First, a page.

The Puerto Rican people like to celebrate! They have over 19 official holidays on their calendar—compared to 10 government-recognized holidays in the mainland United States, 8 in the United Kingdom, and 7 in the European Union. The island has the longest holiday season in the world, and they love it.
La Navidad, the Christmas season, starts right after Thanksgiving Day and extends into the middle of January. It ends with a big celebration called “Fiestas de la Calle San Sebastian,” also referred to as “la SanSe.” People spend the time singing “parrandas,” or Christmas carols; Puerto Ricans often take part in traditional Christmas caroling, gathering around people’s homes and singing as a surprise.
Christmas Eve, or Nochebuena, is more celebrated by most than Christmas Day. A midnight mass often concludes the Christmas Eve celebrations, where the Nativity is often reenacted.
Three Kings Day, which occurs on January 6, is another unique part of the celebrations. It memorializes the visit from the Wise Men (the Magi) who visited Jesus after He was born. The night before the holiday, children set out shoeboxes or hats under their beds for gifts from the Magi. The town of Juana has held a huge celebration on that day for over 135 years. Over 25,000 people gather for the celebration.
Festivals and celebrations are held throughout the years in different provinces and communities. These festivals are often accompanied by parades with colorful puppets and floats, food, dancing, and song.
Puerto Rican Baseball
Baseball is by far the most popular sport in Puerto Rico. It was first introduced in the country by Americans and Cubans, with the first leagues starting in 1897. It wasn’t popular at first, but it caught on just after the Spanish–American War in 1900, when the Almendares Baseball Club beat the American Baseball Club of the Second Regiment of Infantry 32 to 18. After that, baseball’s popularity in Puerto Rico spread quickly from town to town. It even began to be taught in schools.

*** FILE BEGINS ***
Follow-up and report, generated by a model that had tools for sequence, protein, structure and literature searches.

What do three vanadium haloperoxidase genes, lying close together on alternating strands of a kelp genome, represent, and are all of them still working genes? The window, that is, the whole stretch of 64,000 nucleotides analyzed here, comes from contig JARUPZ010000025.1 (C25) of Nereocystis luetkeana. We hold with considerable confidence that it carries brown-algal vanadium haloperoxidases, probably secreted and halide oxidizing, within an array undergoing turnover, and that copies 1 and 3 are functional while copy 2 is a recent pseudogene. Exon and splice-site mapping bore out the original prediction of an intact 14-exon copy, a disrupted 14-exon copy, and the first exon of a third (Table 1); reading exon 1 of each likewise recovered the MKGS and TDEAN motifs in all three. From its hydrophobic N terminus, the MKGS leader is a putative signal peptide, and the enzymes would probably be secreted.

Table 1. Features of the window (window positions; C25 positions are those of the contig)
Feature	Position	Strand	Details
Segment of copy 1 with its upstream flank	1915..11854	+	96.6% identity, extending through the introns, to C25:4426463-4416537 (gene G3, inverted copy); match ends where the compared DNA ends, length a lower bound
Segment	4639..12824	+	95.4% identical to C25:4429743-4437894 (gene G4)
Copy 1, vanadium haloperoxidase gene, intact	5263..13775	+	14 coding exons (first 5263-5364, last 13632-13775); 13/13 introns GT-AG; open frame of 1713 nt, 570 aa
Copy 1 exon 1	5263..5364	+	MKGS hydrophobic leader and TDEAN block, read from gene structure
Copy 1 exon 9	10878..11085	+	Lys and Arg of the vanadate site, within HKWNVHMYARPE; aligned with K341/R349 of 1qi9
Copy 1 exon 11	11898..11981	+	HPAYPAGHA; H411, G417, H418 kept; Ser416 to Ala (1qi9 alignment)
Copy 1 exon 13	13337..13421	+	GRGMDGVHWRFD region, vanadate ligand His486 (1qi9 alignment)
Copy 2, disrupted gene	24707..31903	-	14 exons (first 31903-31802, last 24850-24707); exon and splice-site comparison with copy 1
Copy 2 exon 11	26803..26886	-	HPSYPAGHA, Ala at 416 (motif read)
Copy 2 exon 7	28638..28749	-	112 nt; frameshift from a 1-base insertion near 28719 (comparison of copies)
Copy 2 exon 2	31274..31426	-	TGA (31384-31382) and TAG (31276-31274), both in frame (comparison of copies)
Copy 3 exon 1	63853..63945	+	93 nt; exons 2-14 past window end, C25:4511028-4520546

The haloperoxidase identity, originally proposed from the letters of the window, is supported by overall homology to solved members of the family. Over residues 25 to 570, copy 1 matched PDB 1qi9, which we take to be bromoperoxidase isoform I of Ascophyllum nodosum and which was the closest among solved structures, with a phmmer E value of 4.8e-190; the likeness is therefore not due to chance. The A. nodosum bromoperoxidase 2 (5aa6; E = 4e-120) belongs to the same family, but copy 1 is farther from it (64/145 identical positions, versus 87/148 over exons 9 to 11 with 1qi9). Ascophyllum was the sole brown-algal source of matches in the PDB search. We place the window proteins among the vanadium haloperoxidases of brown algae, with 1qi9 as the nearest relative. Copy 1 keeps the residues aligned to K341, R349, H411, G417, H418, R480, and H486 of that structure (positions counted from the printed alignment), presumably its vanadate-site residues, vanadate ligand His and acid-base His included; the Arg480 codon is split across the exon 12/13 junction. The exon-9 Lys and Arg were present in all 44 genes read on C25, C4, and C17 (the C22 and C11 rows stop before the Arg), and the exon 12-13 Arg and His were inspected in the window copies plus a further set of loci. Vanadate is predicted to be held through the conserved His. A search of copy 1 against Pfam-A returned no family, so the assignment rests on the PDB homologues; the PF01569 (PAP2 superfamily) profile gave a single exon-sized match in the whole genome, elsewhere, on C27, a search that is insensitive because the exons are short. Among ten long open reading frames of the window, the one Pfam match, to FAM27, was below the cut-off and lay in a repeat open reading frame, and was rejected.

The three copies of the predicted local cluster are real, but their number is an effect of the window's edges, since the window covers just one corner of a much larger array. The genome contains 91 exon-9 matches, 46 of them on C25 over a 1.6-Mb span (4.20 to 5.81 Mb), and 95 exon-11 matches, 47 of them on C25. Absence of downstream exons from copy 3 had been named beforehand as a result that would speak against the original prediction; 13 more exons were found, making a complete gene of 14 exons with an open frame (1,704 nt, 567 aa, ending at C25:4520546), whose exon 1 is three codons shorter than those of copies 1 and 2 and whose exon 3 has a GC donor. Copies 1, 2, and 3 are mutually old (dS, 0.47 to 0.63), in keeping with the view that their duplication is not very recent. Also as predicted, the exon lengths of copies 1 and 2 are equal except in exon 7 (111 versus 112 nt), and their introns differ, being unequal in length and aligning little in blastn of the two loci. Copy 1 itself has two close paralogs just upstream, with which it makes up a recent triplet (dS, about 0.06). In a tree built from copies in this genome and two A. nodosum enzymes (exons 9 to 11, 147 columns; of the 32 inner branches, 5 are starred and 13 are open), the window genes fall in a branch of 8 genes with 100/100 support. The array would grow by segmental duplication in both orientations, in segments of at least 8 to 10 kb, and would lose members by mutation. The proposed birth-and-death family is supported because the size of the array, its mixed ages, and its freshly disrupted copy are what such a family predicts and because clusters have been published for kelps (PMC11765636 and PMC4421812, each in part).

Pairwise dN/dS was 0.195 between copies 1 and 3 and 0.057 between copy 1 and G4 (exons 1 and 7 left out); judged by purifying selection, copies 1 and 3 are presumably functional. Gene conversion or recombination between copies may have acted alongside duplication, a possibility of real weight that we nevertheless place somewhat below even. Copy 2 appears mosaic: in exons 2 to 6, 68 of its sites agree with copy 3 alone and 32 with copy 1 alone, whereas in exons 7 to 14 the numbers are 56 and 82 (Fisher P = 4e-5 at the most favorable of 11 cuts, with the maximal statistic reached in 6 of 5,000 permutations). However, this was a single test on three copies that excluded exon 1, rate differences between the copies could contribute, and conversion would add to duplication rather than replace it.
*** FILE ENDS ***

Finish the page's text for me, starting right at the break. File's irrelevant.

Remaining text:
Because of Puerto Rico’s warm climate, baseball is a year-round sport. There have been many notable professional baseball players from Puerto Rico, including Roberto Clemente and Carlos Beltran.
Religion in Puerto Rico
Religion has always been important to the Puerto Rican people. The Taino people were deeply spiritual and worshiped multiple gods who they believed lived in nature. When Ponce de Leon arrived in 1508, a little more than a decade after Christopher Columbus, he brought with him the Roman Catholic faith. Today, Catholicism is the predominant religion in Puerto Rico.
Puerto Ricans hold Christianity near and dear to their hearts. It is believed that 75 to 85 percent of the population is either Catholic or has strong Catholic ties. Each city has a patron saint who is celebrated with festivals and religious processionals.
Your Puerto Rican Heritage
The Puerto Rican people have a passionate culture with much to celebrate and cherish. Do you have ties to Puerto Rico? FamilySearch’s free record collections can help you find your Puerto Rican ancestors. Log in or create a free account, and get started today!
Source: Family Search